Gatling Simulation from Scratch – Feeders and HTTP Requests

If you arrived at this page directly, please go through this post first. It explains some basics, how to define HTTP protocol configurations and headers which will be used while building the test scenario along with the feeders and HTTP requests described in this post.

Step 3: Define Feeders

Feeders resemble parameter files in Loadrunner and Jmeter. As the name suggests, these are used to feed data to your simulation. Feeder is a type alias for Iterator[Map[String, T]], meaning that the component created by the feed method will poll  Map[String, T] records and inject its content. Gatling provides various built-in feeders like csv feeder, json feeder, JDBC feeder, sitemap feeder, redis feeder etc. There some good examples of built-in feeders in Gatling documentation, so here I’ll provide examples of custom feeders

import java.util.{Properties, UUID} //1
import java.util.Base64 //2

val requestIdFeeder = Iterator.continually(Map("requestId" -> UUID.randomUUID())) //3
val someIdFeeder = Iterator.continually(Map("someId" -> { //4
	val sId = s"${(Random.alphanumeric take 16).mkString("")}"
	val base64sId = Base64.getEncoder.encodeToString(sId.getBytes(StandardCharsets.UTF_8))
	base64sId;
}))
  1. Required import for UUID
  2. Required import for Base64
  3. Creates a requestId feeder of random UUID – returns a randomUUID each time a call is made to this feeder
  4. Creates someId feeder which returns a base64 encoded random alphanumeric string of length 16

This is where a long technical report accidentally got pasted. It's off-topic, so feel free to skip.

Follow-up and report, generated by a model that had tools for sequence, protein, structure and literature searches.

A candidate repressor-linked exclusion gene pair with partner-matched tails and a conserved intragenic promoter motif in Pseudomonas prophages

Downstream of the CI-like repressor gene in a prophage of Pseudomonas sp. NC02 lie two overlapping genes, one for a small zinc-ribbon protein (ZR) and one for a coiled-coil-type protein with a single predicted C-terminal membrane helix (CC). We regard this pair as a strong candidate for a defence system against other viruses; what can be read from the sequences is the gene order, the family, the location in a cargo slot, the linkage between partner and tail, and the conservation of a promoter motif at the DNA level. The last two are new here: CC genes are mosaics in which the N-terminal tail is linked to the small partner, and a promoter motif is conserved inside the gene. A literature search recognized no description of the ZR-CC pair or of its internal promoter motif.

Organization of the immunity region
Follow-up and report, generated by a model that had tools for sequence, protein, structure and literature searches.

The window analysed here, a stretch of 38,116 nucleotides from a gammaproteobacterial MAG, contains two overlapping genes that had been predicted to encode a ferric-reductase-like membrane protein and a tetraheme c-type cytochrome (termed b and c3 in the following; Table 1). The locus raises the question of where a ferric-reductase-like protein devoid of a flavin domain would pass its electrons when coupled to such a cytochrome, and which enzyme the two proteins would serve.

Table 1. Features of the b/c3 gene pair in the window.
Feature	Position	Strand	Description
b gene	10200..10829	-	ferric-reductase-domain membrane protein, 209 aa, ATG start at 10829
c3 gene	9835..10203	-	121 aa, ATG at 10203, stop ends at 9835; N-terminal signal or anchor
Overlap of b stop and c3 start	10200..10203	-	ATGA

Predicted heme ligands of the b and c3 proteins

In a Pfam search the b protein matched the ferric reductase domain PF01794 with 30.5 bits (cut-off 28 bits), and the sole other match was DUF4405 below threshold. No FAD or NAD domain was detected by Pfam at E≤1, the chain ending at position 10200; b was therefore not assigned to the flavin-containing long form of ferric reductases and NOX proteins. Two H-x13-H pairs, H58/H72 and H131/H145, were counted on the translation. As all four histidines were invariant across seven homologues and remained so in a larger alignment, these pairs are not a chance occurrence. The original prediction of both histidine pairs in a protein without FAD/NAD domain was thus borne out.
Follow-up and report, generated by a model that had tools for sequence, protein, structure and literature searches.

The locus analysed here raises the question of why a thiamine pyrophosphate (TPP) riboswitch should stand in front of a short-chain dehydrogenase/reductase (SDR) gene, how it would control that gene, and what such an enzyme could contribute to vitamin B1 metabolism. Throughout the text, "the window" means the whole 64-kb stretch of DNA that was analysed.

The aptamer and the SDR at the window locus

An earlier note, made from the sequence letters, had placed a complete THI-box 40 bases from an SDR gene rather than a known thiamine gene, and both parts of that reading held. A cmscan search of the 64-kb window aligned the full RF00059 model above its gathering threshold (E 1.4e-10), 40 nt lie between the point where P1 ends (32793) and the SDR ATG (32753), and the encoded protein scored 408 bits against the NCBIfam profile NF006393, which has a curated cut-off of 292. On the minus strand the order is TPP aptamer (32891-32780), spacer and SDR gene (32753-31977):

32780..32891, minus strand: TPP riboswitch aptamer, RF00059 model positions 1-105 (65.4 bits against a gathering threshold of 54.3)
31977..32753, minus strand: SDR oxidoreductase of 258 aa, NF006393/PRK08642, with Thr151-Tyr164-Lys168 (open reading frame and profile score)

Step 4: Define HTTP Requests

Now let’s define HTTP requests which will be simulated in the test scenario. Consider following sample request defined as a Scala variable. It takes two feeders as input, executes requestOne1 following by requestOne2 REST API, passing requestOnePayload1.json and requestOnePayload2.json respectively as input body. Once the request is executed, its status is checked on request level as well as application level.

val requestOne =
	group("RequestGroupName"){ //1
		feed(requestIdFeeder) //2
		.feed(taskIdFeeder) //3
		.exec(http("httpRequestName1") //4
			.post("${url}/path/to/resource/requestOne1") //5
			.headers(jsonHeader) //6
			.body(ElFileBody("requestOnePayload1.json")).asJSON //7
			.check(status.is(200)) //8
			.check(jsonPath("$.statusCode").is("200")) //9
		.exec(http("httpRequestName2")
			.post("${url}/path/to/resource/requestOne2")
			.headers(jsonHeader)
			.body(ElFileBody("requestOnePayload1.json")).asJSON
			.check(status.is(200)) //http respnose status
			.check(jsonPath("$.responseHeader.statusCode").is("200"))
		)
	}
//defined similar to requestOne above
val requestTwo = ...
val requestThree = ...
  1. The response time of a group is the cumulated response times of each individual request in that group. Useful to model requests on the same page (e.g. group of CSS, image, HTML requests on a page).
  2. Usage of feeders defined in step 3
  3. Usage of feeders defined in step 3
  4. Used to execute an action, in this case, HTTP request
  5. API POST request
  6. Usage of headers defined in step 2
  7. Send contents of the json file as the request body. ,asJSON ensures the content is valid json.
  8. Check on HTTP 200 status code of the request
  9. check on the status code in json response received from the server. It traverses the jsonPath, extracts its value and compares it with the one in is the clause. See sample response payload below
{
	"responseHeader" : {
		"responseId" : "917fb901-161c-47d0-b5ee-475dbf31cd69",
		"conversationId" : "9bc872f9-5575-49d6-8a6c-32944c7aec61",
		"statusCode" : "200",
	},
	"registrationResponse" : {
		//....
	}
}

Next, we will use these feeders and HTTP request to define a scenario. See here

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